Una Faccia, Una Razza!

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It’s a saying which shaped the foundations of NazarBlue and a philosophy in which I have always believed; One face, one race.

Wherever I am in the Med I’m overcome with the same emotions: a sense of nostalgia invoked by musical laments, a sense of exhilaration from pulsating cities, and insatiable hunger spurred on by tempting street food. The air is thick and perfumed with pine resin, the crickets rasp in arid shrubbery and socialising is almost always centered around good food and wine. A plate of fried Calamari on the seafront is a must, cats with huge begging eyes lurk under taverna tables and swipe at falling scraps. Siesta time ceases with the whirrs of moped engines. People converse on lantern lit terraces with waving hands and raised voices. It doesn’t matter whether I’m in Italy, Greece or Istanbul, the scenes are always the same.

‘One Face, One Race’ is a saying which acknowledges the similarities between Italians and Greeks. In fact, I believe it can be said for any of the Mediterranean’s people who have been both unified and separated by slithers of sea. With the shifting of borders as empires advanced then retreated, cultures intermingled and languages, music and food were shared.

Some may patriotically claim Baklava, Turkish Coffee, and Falafel to be theirs, but in disregarding language barriers we can see a common knowledge and mutual love.                                   Ouzo, Raki, Arak and Sambuca may go by different names but essentially it is a liquor made with anise, consumed in the same way. Shakshuka to the North Africans is as Uova in Purgatorito to the Italians. Meze, Mezzeh, Tapas and Antipasti are a way of life, essientoal to the sociable ways of eating. Pizza as we know it hails from Napoli, yet what influenced this iconic food? Well, how about Greek Pitta bread or Turkish Pide – flat breads with various toppings. Then there is Manoush from the Eastern Med. Could the most famous dish from the chaotic port city have its origins further East?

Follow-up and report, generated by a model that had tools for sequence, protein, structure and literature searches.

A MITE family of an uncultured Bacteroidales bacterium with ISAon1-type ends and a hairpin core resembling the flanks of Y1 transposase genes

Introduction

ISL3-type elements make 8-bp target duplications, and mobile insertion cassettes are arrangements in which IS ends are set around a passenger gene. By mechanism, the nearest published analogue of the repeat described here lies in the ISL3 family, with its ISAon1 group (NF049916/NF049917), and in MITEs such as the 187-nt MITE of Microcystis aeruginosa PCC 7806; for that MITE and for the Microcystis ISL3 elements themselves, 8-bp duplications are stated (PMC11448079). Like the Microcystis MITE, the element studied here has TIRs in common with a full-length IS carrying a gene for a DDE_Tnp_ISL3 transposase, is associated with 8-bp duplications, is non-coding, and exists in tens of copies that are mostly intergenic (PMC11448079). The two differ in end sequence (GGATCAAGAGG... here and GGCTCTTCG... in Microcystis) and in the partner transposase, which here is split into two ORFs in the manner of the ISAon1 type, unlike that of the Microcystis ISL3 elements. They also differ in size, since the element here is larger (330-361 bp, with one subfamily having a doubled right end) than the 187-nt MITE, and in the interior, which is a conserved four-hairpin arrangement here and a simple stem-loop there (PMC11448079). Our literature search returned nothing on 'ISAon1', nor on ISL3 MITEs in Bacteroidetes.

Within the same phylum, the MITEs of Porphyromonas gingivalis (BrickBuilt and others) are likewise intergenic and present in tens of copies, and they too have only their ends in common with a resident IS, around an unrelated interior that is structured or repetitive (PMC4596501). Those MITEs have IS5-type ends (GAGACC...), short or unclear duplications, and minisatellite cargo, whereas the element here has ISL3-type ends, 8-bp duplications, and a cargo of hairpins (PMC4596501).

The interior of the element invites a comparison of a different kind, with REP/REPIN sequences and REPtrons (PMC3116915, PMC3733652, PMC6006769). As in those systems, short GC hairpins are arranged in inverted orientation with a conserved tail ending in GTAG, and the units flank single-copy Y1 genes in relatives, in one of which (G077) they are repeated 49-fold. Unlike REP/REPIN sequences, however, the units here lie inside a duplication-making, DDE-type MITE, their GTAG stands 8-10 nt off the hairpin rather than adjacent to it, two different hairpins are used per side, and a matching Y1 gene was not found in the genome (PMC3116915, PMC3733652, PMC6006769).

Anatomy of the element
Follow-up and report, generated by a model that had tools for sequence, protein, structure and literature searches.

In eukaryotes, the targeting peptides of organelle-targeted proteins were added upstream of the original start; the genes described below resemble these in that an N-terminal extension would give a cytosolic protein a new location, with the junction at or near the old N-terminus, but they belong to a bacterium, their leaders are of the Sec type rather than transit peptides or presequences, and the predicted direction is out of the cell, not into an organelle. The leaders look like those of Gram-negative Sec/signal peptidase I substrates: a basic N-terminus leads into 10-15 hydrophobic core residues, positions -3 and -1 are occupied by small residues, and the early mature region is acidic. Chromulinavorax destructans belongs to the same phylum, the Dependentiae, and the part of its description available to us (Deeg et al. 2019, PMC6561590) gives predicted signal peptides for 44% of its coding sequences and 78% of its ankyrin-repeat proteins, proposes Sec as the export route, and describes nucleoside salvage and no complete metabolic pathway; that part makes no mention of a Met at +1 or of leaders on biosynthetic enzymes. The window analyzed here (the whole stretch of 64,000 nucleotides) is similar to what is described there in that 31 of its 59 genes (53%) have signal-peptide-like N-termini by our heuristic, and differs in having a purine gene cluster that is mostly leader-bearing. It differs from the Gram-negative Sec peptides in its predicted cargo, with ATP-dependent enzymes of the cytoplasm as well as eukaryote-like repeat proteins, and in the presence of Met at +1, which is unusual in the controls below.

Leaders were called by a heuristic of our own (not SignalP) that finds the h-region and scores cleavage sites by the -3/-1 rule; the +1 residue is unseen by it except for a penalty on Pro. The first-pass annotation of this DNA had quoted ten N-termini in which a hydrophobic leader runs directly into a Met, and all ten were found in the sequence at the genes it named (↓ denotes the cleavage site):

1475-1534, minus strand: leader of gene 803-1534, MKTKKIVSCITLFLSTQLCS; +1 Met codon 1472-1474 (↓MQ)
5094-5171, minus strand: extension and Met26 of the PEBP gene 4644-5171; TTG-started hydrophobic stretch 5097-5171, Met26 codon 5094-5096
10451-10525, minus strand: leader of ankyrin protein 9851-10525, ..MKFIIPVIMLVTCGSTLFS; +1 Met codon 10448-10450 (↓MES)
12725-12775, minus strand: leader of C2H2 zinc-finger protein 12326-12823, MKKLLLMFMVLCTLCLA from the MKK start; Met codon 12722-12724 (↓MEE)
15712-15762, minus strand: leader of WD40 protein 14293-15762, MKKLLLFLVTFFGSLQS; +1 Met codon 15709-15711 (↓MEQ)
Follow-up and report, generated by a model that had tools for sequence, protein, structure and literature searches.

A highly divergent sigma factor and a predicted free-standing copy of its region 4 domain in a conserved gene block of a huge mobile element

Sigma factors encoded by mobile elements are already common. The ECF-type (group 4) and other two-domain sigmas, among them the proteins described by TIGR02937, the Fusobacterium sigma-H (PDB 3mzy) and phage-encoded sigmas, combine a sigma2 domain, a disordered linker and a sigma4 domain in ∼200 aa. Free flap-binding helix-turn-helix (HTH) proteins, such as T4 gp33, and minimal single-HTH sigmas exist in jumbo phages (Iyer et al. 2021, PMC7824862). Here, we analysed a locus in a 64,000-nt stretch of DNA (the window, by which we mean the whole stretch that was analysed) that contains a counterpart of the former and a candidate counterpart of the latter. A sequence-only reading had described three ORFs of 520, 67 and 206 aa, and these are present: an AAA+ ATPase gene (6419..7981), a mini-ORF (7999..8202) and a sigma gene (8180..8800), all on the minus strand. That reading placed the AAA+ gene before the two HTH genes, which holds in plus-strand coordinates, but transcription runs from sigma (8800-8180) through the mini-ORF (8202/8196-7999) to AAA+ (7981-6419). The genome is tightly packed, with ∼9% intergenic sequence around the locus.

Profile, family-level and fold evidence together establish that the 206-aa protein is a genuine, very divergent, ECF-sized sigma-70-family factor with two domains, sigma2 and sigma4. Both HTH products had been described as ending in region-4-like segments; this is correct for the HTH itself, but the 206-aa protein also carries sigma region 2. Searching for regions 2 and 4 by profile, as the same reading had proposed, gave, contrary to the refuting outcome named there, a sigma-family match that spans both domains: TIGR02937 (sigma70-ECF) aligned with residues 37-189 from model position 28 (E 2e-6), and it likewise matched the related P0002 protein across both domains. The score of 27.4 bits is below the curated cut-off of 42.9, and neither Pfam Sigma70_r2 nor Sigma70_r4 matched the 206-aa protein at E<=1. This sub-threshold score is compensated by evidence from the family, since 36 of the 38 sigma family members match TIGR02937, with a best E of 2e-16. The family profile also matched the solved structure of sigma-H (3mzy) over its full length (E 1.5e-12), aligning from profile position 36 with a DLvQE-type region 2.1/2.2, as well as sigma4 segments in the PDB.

Even the most frugal of dishes add a sense of pattern to the Med’s colourful mosaic. Farinata di Ceci, wet dough made from seasoned chickpea flour and baked with plenty of olive oil, is particular to Liguria. However Karantita from Algeria and Calentita from Gibraltar are both of uncanny similarity.

It’s rainbow season in London: The blustery winds are relentless and storms seem to roll pass often, appeased once in a while by brilliant bursts of sun. Last Saturday as I took shelter in my flat I sorted through my DVD collection and decided to watch Mediterraneo, a hilarious Italian film about a group of soldiers who are sent to a Greek Island during WWII. They find themselves stranded when after becoming intoxicated with Opium supplied by a Turkish fisherman, they come too, discovering their arms and transport have been stolen. The Italians soon forget their duties and ease into Island life, accidentally missing the fact the war ended some three years before.

‘Una Faccia, Una Pancia!’ one soldier says mocking the hefty appetite that Greeks and Italians share. One face, one belly! It’s not only appearance which unifies the Mediterraneans, it’s their mutual love of food too.

Here’s a more in-depth explanation of Una Faccia, Una Razza, written by my lovely sister.

A Breakfast Ritual – Turkish / Balkan Style

During a blistering Balkan summer, mornings greeted me with a vast breakfast spread. Coffee, sizzling beef sausage, fried eggs and buttery peppers perfumed the air and awoke me from my heat induced slumber before I could even open my eyes. Empty water drums clanged excitedly waiting in turn to be filled by a temperamental tap. Strays barked from dusty dirt roads in the near distance and the family Cockerell ended his doolde-doo on a bizarre flat note as if the heat had exhausted him too. As a guest I didn’t want to out stay my welcome as I was used to pulling my weight but my offer of a helping hand was politely refused. Eating in the open air beneath the shade of grape vines, we picked from a spread which took up the entire length of the table. Red and white checks poked out from small gaps between sun dappled plates. The elderly bumbled to and from the table as they pleased and kids unable to sit for long were soon distracted by the rural landscape’s hidey holes.